As part of the Easter celebration, more than 300 catechumens were baptized in Bangladesh. A far from negligible figure, testifying to the growing vigor of the Church in this part of Asia, in a country where Catholicism, present for five centuries, remains an ultra-minority.
Fr. Arturo Speziale, a missionary with the Pontifical Institute for Foreign Missions (PIME), is one of the leaders of the Nobai Bottola parish in a village located in the diocese of Rajshahi, west of Bangladesh.
The day after Easter, the 80-year-old priest told Asianews that 46 catechumens were able to receive baptism on Easter Sunday.
The missionaries there are supported by seven catechists from native tribes, who were able to reach remote villages and preach the religion of Jesus Christ in local languages.
After their passage, the process is turned over to the sisters and priests: “currently, our catechists are taking care of a hundred new families, many of whom may be baptized sometime during next year,” explains Fr. Speziale.
His colleague, Fr. Michael Corraya, serves as parish priest in Nobai Bottola: “I was very happy to see adults receive baptism from me,” he confides.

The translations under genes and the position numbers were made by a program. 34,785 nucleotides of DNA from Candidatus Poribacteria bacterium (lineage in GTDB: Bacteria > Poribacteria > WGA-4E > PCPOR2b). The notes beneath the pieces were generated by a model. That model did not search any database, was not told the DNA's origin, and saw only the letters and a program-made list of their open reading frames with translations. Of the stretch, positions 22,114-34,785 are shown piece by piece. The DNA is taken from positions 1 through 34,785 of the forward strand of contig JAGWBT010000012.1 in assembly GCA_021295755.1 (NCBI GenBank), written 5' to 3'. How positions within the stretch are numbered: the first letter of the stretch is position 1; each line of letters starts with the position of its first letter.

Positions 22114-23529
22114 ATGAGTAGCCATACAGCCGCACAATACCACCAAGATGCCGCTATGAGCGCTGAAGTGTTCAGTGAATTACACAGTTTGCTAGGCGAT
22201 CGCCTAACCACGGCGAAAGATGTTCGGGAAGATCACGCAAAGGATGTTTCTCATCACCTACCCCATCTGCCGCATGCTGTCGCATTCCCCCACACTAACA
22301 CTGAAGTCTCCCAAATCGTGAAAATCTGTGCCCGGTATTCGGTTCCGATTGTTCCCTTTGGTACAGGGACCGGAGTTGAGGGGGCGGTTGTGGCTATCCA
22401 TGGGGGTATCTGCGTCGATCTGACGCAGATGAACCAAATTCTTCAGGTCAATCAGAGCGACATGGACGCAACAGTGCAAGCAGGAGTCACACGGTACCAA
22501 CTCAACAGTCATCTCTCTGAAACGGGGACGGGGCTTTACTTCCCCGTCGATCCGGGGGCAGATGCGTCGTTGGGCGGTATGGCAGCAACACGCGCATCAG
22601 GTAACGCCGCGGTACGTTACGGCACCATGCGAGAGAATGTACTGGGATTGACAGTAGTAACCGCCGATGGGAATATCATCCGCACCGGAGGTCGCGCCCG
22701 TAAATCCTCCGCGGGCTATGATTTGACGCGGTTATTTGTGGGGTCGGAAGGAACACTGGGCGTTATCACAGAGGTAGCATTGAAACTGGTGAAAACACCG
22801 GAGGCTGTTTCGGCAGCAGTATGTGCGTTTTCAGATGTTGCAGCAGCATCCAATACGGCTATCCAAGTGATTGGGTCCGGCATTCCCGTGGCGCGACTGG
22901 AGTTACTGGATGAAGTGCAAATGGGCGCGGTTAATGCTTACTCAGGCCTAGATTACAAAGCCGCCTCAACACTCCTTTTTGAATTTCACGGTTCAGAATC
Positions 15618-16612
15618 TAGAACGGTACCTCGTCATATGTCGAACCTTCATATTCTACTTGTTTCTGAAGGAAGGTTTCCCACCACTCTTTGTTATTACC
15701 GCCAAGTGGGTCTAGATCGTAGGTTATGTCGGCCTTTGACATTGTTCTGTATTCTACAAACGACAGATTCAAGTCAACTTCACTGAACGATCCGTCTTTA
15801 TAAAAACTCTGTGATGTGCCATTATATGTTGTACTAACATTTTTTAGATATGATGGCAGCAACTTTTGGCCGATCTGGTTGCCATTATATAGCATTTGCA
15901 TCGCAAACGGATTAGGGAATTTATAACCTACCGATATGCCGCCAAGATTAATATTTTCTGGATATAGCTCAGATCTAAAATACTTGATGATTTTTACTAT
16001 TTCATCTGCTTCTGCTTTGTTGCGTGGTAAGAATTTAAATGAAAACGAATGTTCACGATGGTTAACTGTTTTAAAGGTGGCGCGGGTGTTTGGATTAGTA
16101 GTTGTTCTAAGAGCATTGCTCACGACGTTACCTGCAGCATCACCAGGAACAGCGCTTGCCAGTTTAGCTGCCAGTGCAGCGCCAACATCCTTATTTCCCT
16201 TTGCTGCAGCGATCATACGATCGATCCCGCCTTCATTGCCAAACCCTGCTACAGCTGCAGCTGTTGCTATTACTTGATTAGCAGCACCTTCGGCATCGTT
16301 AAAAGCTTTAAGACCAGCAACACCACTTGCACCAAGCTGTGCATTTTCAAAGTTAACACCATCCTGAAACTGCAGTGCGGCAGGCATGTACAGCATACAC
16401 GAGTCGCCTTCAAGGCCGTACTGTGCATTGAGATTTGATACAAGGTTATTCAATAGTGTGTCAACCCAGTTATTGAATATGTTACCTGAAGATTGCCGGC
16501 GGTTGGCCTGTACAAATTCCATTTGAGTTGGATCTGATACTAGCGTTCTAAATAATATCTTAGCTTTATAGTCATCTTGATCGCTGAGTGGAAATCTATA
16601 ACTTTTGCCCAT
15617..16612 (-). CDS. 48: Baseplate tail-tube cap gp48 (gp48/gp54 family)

“These people freely chose Christianity. In the past, they worshipped nature and trees, now they understand the importance of Christianity, and eagerly received baptism,” adds the missionary, who specifies that this year, the neophytes come from three different ethnic groups: Santal, Orao, and Paharia.
In the parish of Bhutahara alone - still in the diocese of Rajshahi - one hundred and fourteen adults received the first sacrament of the Christian life, bringing to more than three hundred the number of newly baptized in the Diocese of Rajshahi.
For the record, of the 160 million inhabitants of Bangladesh - a predominantly Muslim country where Sharia law is strictly enforced - less than one percent are Catholic.
Some neophytes shared with Asianews the reasons which led them to welcome Jesus Christ as Lord. Thus, Subash Hembrom, who was baptized in Borshapara explains: “In the past, I loved nature, the sun, and the trees. Our thakur - Hindu priest – acted on my behalf; now instead I can address Jesus directly and can an answer in prayer.”
Our man adds that previously he did not know the prayers of his old religion, but the catechists have taught him and his family “the Our Father, the Ten Commandments, and other Christian prayers that we greatly appreciate.”
Anita Akka, another neophyte baptized on Easter night, explains: “I have seen that a Christian’s life is simple, that they love others. They teach us about love and forgiveness. I have learned that only Jesus Christ can give us salvation. So I received baptism.”